Did you make positive lifestyle changes during the lockdown period? And are you maintaining them as we edge closer to normality? Brian Stormont discovers the food trends that emerged while we were stuck at home.
As we slowly return to some sort of normality, many people will have altered how they lived during lockdown, with some changes certainly being for the better.
A look at the most popular Google search trends during the stringent lockdown period, between March 23 and July 15, paints an interesting picture of the habits of Scottish people.
While many Scots undoubtedly craved familiarity and comfort in difficult times, there was also a trend for experimentation as people with more time on their hands used it to increase their skills in the kitchen and try new things.
At the beginning of the lockdown, pasta, rice, tinned tomatoes and pasta sauce were all short in supply as people stocked up fearing the worst.
However, other items which were difficult to get our hands on included flour, eggs, baking powder and sugar as the country was bitten by the baking bug.
Popular searches on Google included “healthy baking recipes”, “scones”, “cookies”, “easy baking recipes” and “baking ideas”.
Certainly on my social media feeds, time and again pictures would pop up of the amazing creations people had conjured up.
And what struck me the most was that many were not always eating the cakes, scones or biscuits themselves but sharing them with family, friends and neighbours as an amazing community spirit enveloped everyone.
On the savoury front, chicken was popular with “chicken breast recipes” and “chicken and bacon” recipes topping the searches, but guides on “how to make your own pizza dough” were also incredibly popular.
For the red meat lovers, steak was top of the pile.
The most popular online searches during lockdown included “sauces for steak”, “how to cook sirloin”, “fillet steak cooking time” and “rump steak cooking time”.
And when it came to fish, people were happy to experiment and be bolder with what they were cooking, with queries including “monkfish”, “lobster” and “lemon sole” in the top spots.
Home food delivery
And with pubs and restaurants being closed, people took to creating their own takeaway or restaurant style meals at home and accompanying them with their own cocktails or wines they bought in.
So it came as no surprise that searches for alcohol delivery and buy alcohol online were at the top of the list.
As a result of people spending more time in the kitchen, it appears that many were also trying to plan more, with queries attributed to wasting less, planning meals and mindful shopping proving popular.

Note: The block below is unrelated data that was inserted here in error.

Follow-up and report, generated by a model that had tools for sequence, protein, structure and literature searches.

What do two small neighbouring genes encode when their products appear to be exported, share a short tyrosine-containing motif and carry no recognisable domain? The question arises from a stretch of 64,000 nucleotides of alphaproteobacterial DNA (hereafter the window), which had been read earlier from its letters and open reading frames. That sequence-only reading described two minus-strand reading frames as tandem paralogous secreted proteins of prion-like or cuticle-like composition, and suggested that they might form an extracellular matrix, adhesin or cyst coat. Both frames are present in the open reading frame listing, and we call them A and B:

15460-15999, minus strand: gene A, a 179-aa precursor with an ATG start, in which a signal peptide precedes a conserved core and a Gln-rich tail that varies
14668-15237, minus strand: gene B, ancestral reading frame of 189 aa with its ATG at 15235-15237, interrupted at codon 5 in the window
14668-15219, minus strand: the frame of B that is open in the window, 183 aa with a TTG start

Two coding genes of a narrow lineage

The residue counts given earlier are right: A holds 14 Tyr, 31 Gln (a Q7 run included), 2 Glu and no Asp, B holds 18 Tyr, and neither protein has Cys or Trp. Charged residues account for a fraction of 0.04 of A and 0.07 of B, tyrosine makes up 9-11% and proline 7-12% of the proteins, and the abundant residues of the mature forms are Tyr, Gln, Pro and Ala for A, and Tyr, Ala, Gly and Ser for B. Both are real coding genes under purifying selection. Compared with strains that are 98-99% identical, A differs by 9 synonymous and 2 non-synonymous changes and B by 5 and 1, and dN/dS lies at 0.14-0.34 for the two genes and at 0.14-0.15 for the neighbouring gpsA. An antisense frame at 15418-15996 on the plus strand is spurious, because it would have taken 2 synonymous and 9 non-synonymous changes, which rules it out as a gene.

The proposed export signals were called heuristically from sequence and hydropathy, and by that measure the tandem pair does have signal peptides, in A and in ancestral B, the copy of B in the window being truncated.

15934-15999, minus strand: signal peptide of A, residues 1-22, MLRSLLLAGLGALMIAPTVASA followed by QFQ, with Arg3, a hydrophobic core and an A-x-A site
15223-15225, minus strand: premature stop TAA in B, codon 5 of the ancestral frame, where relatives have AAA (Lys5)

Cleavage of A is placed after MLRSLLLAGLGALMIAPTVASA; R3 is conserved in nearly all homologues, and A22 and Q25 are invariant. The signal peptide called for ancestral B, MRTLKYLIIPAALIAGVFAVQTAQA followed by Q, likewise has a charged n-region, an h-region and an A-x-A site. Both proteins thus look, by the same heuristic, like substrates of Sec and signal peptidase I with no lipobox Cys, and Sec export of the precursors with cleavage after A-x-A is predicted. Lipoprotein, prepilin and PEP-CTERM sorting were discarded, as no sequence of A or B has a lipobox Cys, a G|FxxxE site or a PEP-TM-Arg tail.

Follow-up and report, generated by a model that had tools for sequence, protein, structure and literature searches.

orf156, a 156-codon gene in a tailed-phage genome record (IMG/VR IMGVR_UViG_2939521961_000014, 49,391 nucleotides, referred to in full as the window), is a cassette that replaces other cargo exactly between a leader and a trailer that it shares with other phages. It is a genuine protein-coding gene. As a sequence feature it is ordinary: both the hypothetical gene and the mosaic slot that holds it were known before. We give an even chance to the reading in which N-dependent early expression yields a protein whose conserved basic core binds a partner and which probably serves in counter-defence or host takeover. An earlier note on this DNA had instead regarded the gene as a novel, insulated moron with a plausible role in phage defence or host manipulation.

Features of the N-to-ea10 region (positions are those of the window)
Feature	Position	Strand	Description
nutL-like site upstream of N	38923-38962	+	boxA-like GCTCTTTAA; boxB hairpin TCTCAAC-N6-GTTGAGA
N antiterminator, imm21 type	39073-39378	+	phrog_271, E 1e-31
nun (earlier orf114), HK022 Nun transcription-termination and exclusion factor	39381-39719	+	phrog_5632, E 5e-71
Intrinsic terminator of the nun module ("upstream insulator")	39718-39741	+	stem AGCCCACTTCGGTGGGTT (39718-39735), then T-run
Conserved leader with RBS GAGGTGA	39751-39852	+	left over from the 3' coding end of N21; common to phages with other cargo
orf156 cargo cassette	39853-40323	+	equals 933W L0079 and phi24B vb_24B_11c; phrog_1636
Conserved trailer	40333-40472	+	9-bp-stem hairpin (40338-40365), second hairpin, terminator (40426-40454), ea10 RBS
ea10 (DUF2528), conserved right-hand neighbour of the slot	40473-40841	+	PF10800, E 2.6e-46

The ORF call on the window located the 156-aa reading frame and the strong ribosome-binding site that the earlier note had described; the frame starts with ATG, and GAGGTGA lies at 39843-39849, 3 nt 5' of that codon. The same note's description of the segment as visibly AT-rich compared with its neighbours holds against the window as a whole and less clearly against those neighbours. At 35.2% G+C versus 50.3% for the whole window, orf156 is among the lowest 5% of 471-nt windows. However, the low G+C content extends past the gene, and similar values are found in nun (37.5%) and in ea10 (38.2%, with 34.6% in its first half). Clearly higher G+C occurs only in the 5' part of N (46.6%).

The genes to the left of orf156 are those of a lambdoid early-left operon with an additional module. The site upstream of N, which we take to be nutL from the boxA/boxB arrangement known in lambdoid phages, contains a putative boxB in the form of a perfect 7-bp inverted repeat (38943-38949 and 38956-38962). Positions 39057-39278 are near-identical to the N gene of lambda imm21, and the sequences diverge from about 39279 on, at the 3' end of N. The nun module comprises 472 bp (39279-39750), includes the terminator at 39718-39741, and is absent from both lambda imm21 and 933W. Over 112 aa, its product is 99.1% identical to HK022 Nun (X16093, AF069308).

With the majority of time being spent at home, other regular searches revolved around how to pass the time in the evening and, if course, this time was accompanied by snacks, with “healthy snacking” and “comfort food” often used as search terms.
Reaping the benefits
Rachel McConachie made a number of positive changes to her lifestyle and diet during the lockdown – many improvements she is maintaining as we slowly return to normal.
The 41-year-old says that, along with her partner Kieran Andrews, they have become more prepared by planning their shopping and meals – something that has brought a financial benefit too.
“We are sticking with our weekly shop, planning meals more carefully and thus saving money and wasting far less food,” said Rachel.
“We are still growing food at home such as herbs, tomatoes, chillies and salad leaves, which I started doing during lockdown.
“We are also continuing to have organic veg, fruit and eggs delivered each week – we had that already but I increased the order at the beginning of lockdown.
“I’m also able to continue buying from the fish van which stops at my street once a week, as I’m still working from home, and also picking up fruit and veg from a local farm shop as I can pop out during my lunch break.”
And using the opportunities to buy fresh local produce has meant their diets have improved as well.
“We are definitely eating more healthily as I’m making every meal from scratch as we’re at home. Far fewer random treats or expensive coffees or takeaways means saving cash and being healthier! We are trying very hard to maintain all these better habits.
“We are also still walking or cycling to places we used to drive to, when it’s a fairly short distance.”